Pentagon Spokesman's Briefing





1:30 P.M. EST - TUESDAY, FEBRUARY 6, 2001

Q: Can we assume that - for example, there's been speculation about
different kinds of, different varieties of NMD would be a completely
separate thing, even though there's ultimately a resource question
that goes completely separate.

Quigley: Sure. Well, the president has been very unambiguous here in
his desire to pursue a missile defense system for the United States,
and perhaps for our allies. When Secretary Rumsfeld was at the
Wehrkunde conference this last weekend in Munich, that was a frequent
topic of conversation in his bilateral meetings with his counterparts
from other nations, a topic of several speeches in the main conference
floor. But the specific description and the parameters of the type of
missile defense system that you would put in place is still a work in

Q: Is the current project continuing on the schedule it's been on
since before he took office?

Quigley: Yes. And the secretary has had two or three meetings, three,
I believe, with General Kadish at the Ballistic Missile Defense Office
to make sure that his understanding of the program as it's currently
structured is complete and he understands, you know, what the
near-term goals are and the near-term test objectives and what have
you, funding streams, time frames. And his guidance to General Kadish
at this point is to press on.


Q: The Pentagon IG issued a critical report on the Army-led WMD assist
program this week?

Quigley: Right. [On the Web at ]

Q: Could you tell us a couple of things: how much money was spent on
that, when teams will be ready to deploy - they're - I guess,
according to reports they were supposed to be in January 2000 and
they're still not ready - and how that program is now being managed
and organized. In November there was that memo that went out
dismantling, or starting to dismantle the --

Quigley: COMPIO [Consequence Management Program Integration Office]?

Q: Yeah, the COMPIO. Who is in charge now, and what --

Quigley: Well, the Army is still the executive agent of the program,
and with oversight by DoD, and specifically in this case, the
assistant secretary for Reserve Affairs. And the goal with the COMPIO
organization was always to ultimately disband it and to farm-out its
responsibilities to other elements of the Defense Department. But in
order --

Q: Yes, but --

Quigley: Well, but in order to get the program started on a fast
track, which is what we wanted to do some years ago, you needed to
have a focus that could be brought to the program; hence, the creation
of a consolidated office to do that. But once you had the program up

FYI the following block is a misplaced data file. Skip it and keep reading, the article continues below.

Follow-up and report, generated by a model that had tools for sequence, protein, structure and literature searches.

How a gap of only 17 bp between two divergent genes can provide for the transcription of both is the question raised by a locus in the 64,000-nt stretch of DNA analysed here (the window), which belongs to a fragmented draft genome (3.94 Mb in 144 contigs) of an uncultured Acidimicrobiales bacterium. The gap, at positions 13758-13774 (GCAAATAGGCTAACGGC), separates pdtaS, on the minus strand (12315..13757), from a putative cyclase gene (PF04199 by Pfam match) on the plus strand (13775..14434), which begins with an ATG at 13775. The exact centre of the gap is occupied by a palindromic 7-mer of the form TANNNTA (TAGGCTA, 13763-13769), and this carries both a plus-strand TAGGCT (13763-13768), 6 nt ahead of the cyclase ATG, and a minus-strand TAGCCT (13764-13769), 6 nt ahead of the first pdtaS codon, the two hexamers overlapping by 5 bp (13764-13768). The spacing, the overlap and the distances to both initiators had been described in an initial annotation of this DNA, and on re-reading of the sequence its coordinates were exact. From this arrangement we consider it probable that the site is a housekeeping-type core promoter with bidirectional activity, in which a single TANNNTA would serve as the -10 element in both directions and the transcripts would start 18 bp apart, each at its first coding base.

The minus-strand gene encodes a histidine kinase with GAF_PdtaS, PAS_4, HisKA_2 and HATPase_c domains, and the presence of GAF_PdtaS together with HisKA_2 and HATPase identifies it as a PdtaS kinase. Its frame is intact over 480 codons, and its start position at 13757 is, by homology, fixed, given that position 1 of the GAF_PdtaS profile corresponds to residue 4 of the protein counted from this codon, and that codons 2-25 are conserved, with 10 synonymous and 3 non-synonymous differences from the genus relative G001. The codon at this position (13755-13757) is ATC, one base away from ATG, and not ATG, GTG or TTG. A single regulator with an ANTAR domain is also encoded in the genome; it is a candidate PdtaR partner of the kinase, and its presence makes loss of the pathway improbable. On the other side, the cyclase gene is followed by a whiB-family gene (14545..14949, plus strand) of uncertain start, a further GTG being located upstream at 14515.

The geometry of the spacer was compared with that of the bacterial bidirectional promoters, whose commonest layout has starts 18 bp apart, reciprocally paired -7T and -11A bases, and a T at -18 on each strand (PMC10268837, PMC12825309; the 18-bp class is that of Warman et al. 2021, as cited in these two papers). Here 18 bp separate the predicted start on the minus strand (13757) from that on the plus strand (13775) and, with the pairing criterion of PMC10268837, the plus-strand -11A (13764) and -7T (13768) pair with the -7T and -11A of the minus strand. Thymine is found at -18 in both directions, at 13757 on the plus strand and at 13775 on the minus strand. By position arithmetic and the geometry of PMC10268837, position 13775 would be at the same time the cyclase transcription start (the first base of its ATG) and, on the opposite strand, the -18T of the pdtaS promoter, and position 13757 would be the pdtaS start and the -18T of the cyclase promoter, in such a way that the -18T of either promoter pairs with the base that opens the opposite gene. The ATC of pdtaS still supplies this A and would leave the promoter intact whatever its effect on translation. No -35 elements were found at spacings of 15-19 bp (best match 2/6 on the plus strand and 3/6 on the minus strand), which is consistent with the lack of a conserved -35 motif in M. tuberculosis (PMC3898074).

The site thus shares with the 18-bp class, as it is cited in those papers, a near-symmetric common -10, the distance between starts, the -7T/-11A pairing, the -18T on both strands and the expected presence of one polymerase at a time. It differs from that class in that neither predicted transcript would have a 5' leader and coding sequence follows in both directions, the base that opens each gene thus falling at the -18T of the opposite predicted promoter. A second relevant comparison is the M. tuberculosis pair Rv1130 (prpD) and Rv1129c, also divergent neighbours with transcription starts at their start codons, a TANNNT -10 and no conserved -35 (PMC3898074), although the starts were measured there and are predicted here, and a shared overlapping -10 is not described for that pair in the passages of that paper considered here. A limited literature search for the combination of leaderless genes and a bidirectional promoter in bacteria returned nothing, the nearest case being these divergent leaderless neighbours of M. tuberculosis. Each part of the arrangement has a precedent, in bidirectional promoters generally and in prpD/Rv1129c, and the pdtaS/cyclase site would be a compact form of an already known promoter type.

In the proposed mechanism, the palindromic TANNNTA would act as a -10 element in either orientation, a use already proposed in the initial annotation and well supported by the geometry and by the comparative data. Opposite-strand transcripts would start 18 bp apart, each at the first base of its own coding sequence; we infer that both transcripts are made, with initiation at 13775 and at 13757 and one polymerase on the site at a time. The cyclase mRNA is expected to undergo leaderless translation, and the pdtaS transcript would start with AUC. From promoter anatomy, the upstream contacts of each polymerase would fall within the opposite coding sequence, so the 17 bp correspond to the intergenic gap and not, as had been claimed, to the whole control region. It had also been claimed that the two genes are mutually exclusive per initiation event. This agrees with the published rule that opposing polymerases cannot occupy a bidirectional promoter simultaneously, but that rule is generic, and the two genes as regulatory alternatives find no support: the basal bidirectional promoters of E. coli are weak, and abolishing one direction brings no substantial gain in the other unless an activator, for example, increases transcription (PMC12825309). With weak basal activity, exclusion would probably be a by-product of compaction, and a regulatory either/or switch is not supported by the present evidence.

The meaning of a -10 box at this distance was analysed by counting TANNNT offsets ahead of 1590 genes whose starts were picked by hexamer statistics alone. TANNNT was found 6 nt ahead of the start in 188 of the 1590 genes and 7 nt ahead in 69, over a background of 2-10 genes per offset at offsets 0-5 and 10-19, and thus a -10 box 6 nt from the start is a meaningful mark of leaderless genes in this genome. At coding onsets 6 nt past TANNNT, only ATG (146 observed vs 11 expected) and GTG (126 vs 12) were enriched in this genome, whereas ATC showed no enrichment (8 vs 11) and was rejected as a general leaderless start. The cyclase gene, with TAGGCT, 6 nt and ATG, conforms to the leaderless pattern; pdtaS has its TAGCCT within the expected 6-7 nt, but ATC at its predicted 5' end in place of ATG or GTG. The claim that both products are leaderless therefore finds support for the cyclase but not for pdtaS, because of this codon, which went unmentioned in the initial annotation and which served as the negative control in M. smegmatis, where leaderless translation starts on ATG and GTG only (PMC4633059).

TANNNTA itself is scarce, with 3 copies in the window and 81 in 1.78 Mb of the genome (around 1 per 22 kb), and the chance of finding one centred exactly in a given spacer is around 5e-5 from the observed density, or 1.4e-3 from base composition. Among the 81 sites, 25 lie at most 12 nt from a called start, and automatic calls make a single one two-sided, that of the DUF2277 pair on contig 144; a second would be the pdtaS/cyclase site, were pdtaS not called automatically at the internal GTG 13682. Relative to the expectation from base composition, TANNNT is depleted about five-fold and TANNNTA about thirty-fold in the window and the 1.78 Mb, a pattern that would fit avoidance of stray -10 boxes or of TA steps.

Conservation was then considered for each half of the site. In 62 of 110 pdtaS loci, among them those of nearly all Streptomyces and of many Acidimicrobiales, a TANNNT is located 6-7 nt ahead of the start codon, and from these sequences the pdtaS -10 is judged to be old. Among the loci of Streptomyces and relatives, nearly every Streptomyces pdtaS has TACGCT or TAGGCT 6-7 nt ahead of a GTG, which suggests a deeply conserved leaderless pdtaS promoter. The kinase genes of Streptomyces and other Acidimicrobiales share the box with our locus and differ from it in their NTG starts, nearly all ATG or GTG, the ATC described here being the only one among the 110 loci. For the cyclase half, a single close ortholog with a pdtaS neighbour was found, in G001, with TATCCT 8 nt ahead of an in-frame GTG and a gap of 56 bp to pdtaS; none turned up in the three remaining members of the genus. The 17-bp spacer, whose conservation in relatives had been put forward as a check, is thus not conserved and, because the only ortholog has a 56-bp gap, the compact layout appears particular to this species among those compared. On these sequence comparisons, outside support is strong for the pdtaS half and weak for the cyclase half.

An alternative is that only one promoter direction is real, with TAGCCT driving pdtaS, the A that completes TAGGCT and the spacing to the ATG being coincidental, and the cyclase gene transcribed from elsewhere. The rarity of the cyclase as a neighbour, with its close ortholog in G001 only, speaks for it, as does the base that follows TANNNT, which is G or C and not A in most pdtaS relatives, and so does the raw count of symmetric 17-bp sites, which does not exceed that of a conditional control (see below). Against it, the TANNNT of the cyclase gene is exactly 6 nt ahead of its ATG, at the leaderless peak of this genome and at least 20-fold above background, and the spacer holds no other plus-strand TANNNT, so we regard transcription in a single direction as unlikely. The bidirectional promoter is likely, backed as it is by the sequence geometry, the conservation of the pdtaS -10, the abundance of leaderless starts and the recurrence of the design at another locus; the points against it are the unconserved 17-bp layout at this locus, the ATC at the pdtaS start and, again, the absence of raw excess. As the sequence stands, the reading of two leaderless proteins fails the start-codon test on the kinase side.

and moving at least in the right direction, the goal was to then
disperse those responsibilities to other elements of DoD.

The question on timetable, the shortcomings that were noted in the IG
audit report have been assimilated; a couple of them are actually
already done; others are not. And when they are completed and you have
the teams that are ready to be recommended for certification to the
secretary, then that recommendation will go forward.

I know it's a priority, but I can't put a time frame on it for you.

Q: Do you have confidence that all of those teams that - I think nine
of the 10 were getting ready to be certified. Are they actually

Quigley: I think it was seven of the 10 where the original
recommendation was made, but we still found shortcomings.

Q: Are you going to go back and review their readiness before --

Quigley: Oh, indeed. Absolutely. That's all part of the whole, using
what we already knew, what the IG found, of blending the two together
and making sure that the teams are in fact ready to be forwarded to
the secretary for his consideration to certify them ready for use.
They're a long ways down the road of their training, of their
equipment, and have had many exercises at the local level with first
responders. But are they ready to be certified yet? Clearly, they are
not. Progress is being made in that regard, but we're not there yet.
We set pretty high standards for these teams, both in equipment and in
training, and we're not there yet. I think you just don't want to have
anything lower than you absolutely have to in the way of quality of
training, type of training, amount of training, equipment that the
teams are proficient with. And until all of those criteria are met,
they're not ready to be certified.

Q: Is DoD pleased with the way the - (inaudible) - program, and so
it's just a standard transition?

Quigley: If we could look back, I think, right now, would we do some
things differently than we did them initially? Yeah, I'm sure we would
have. But there was a great sense of urgency in getting this program
going on a fast track. And the Army, as the executive agent, was
tasked with a pretty tall order here, in retrospect. And could there
have been things done better, in retrospect? Absolutely. But we all
learn from that. And the IG report is a very good blueprint on the way
ahead, and we're looking at it in that regard.